Some salty dogs may think that this nautical adjective pronounced 'hên-kee-'do-ree has something to do with a dory – a good small boat. It was surprising to discover that the expression may have nothing to do with any kind of sea vessel. Many resources tell the tale about it arising from the name of a street in the Yokohama, Japan; a waterfront district where sailors on leave could find were bazaars and other entertainments, anything his heart desired. The yarn does make sense because dori is the Japanese word for a road, in particular a broad or important one.
    It is said that Honcho-dori was the Times Square of Yokohama, and thus a favorite hangout of U.S. sailors on shore leave. So popular did this street become among sailors, it is said, that "Honcho-dori" entered naval slang as "hunky-dory," a synonym for "Easy Street," or a state of well-being and comfort.
Nowadays the expression describes something that is ‘excellent, enjoyable, pleasant or A-OK’ and in all probability hunky-dory is a modification of hunky meaning safe or all right. This comes from the Dutch word for goal, honk or “home” in a Frisian variation of the game of tag. The pastime reportedly arrived with the Dutch in New Amsterdam; later New York and is related to another reduplicated term; hunkum-bunkum. To pull off "hunk" or "hunky" in this version of that childhood game was to make it "home" and win the game. To achieve "hunk" or "hunky" in a child's game was to make it "home" and win the game and so "hunky" already meant "O.K."

Another plausible story related to this crackerjack colloquialism is that soon after Commodore Perry's famous trip to Japan in 1853 the term appeared in American everyday speech and by 1877 this marvelous little tale was being cited in Bartlett’s. Others are more skeptical of this history saying the birth of the phrase is really anonymous:

    Hunky meaning fine or splendid dates to 1861. The adjective hunk meaning safe or secure is even older, dating to the early 1840s. Given these earlier usages predate Perry's opening of Japan, it is unlikely the word derives from a Japanese source. In short, it's another one of those that we must mark "origin unknown.”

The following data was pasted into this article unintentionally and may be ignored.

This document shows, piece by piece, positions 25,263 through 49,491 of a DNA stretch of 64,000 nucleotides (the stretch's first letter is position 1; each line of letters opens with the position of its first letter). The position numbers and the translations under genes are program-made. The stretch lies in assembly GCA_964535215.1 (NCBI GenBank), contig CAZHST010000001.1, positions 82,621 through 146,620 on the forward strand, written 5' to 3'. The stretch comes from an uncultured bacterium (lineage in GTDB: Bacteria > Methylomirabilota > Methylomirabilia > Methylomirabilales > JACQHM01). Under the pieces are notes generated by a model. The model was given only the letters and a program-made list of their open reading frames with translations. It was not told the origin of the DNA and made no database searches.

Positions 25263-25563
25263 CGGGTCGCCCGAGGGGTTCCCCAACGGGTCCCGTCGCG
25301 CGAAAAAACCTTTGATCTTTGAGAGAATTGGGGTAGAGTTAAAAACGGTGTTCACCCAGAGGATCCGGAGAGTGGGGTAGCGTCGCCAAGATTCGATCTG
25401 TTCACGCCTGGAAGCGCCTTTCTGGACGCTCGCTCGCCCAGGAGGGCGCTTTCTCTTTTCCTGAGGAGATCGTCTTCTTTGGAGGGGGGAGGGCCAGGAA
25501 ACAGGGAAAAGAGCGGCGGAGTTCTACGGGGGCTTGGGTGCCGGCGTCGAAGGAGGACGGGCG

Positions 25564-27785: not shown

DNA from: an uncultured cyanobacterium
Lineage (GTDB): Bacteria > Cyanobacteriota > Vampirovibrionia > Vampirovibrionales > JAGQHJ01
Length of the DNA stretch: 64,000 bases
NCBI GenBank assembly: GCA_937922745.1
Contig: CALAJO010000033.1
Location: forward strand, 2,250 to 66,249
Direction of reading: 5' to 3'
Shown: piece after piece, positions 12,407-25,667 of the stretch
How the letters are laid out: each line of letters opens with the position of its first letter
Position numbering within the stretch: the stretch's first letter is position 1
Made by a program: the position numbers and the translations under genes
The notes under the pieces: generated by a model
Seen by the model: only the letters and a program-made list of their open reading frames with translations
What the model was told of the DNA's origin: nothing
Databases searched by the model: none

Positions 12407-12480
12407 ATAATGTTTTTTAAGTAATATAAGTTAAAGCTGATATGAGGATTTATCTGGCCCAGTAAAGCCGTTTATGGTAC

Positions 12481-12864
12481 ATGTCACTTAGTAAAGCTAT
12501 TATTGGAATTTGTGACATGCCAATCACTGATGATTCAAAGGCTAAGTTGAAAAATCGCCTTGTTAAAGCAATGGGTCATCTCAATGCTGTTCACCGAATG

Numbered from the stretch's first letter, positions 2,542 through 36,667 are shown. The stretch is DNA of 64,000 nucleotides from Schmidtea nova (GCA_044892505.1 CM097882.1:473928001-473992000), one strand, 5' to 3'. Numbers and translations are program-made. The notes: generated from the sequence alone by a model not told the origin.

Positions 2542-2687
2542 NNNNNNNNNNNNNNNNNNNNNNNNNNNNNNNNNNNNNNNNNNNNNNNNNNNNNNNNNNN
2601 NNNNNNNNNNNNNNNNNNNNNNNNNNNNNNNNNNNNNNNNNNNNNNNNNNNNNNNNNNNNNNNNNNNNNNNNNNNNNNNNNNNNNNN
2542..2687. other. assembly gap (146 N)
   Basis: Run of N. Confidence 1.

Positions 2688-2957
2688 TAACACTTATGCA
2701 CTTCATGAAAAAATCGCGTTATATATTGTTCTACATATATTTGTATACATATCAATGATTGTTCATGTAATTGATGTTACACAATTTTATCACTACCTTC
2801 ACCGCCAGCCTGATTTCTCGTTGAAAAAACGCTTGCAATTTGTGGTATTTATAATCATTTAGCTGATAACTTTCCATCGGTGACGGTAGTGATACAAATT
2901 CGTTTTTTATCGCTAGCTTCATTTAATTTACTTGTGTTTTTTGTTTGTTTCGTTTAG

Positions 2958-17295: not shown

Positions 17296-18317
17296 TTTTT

The Morris Dictionary of Word and Phrase Origins has a similar etymology about the Japanese street and the Dutch word meaning "goal." Save for one small detail that "hunky-dory" was first used during the American Civil War, quite some time before American sailors became frequent visitors to Yokohama. This other explanation holds that the whole hunky-dory thing began with a song by the Christy Minstrels during the Civil War. With the title 'Josephus Orange Blossom', it has a line about 'red-hot hunky-dory contraband.' The song was a huge hit and hunky-dory became part of the trendy slang of the period. Because Japan was not opened to foreign ships until after Commodore Perry's visit in 1853, some time after the US Civil War from 1861 to 1865; the Yokohama theory becomes uncertain. Still it remains one likelihood and many surmise that since hunky-dory was already an established slang term when American sailors first had shore leave on Huncho-dori Street it fell into place as an indication that everything’s okey-dokey.

Two more examples of the linguistic phenomenon of reduplication for hunky-dory, all used to mean everything’s top notch are hunky-doodle, and hunky-dunky. Some synonyms for this first-rate phrase are first-class, splendid, heaven-sent, lucky, dandy, topnotch spiffy and copacetic. Some British might identify tickety-boo as meaning the same thing. The Random House Historical Dictionary of American Slang advocates one more narrative about a popular variety performer named Japanese Tommy who could have established the term in America about 1865. Others say that what he actually may have done is melded the name of the street in Japan with the American "hunky."

At least two different sources; one is a even in print Morris Dictionary of Word and Phrase Origins, claim the phrase originated during the Civil War "before" Perry's voyage. Spending a lot of time puzzling out the dates of Matthew Perry's arrival in Japan on July 8th 1853 with the text of a proposed commercial and friendship treaty along with his return trip in 1854 asking for humane treatment be extended to sailors shipwrecked in Japanese territory, that the US be allowed to buy coal and that the Japanese ports of Shimodo and more to the point Hakodate be opened to US commerce. When the time line of the two events are compared; Perry's voyages 1853 and 1854 with the American Civil War 1861–1865

Deferring to encyclopedia sources for dates as being the most reliable. The war obviously took place almost a decade after Perry's famous voyage. I would put forth that the evidence suggests a theory that the phrase originated in Japan, then later used in the song lyrics during the war between the North and the South as making the most sense. What seems certain is that hunky-dory was a play on words in all probability obtained from the adjective hunk. It may possibly be that hunky-dory was the result of a bilingual pun, invented because American sailors knew the word dori and prefixed it with hunky as to tell comrades about a Japanese street of earthly delights.

Sources:

Online Etymology Dictionary:
www.geocities.com/etymonline/h4etym.htm

Word Origins: http://www.wordorigins.org/wordorh.htm#Hunky-Dory

World Wide Words:
http://www.quinion.com/words/qa/qa-hun2.htm

yourdictionary.com:
www.yourdictionary.com

xrefer:
www.xrefer.com

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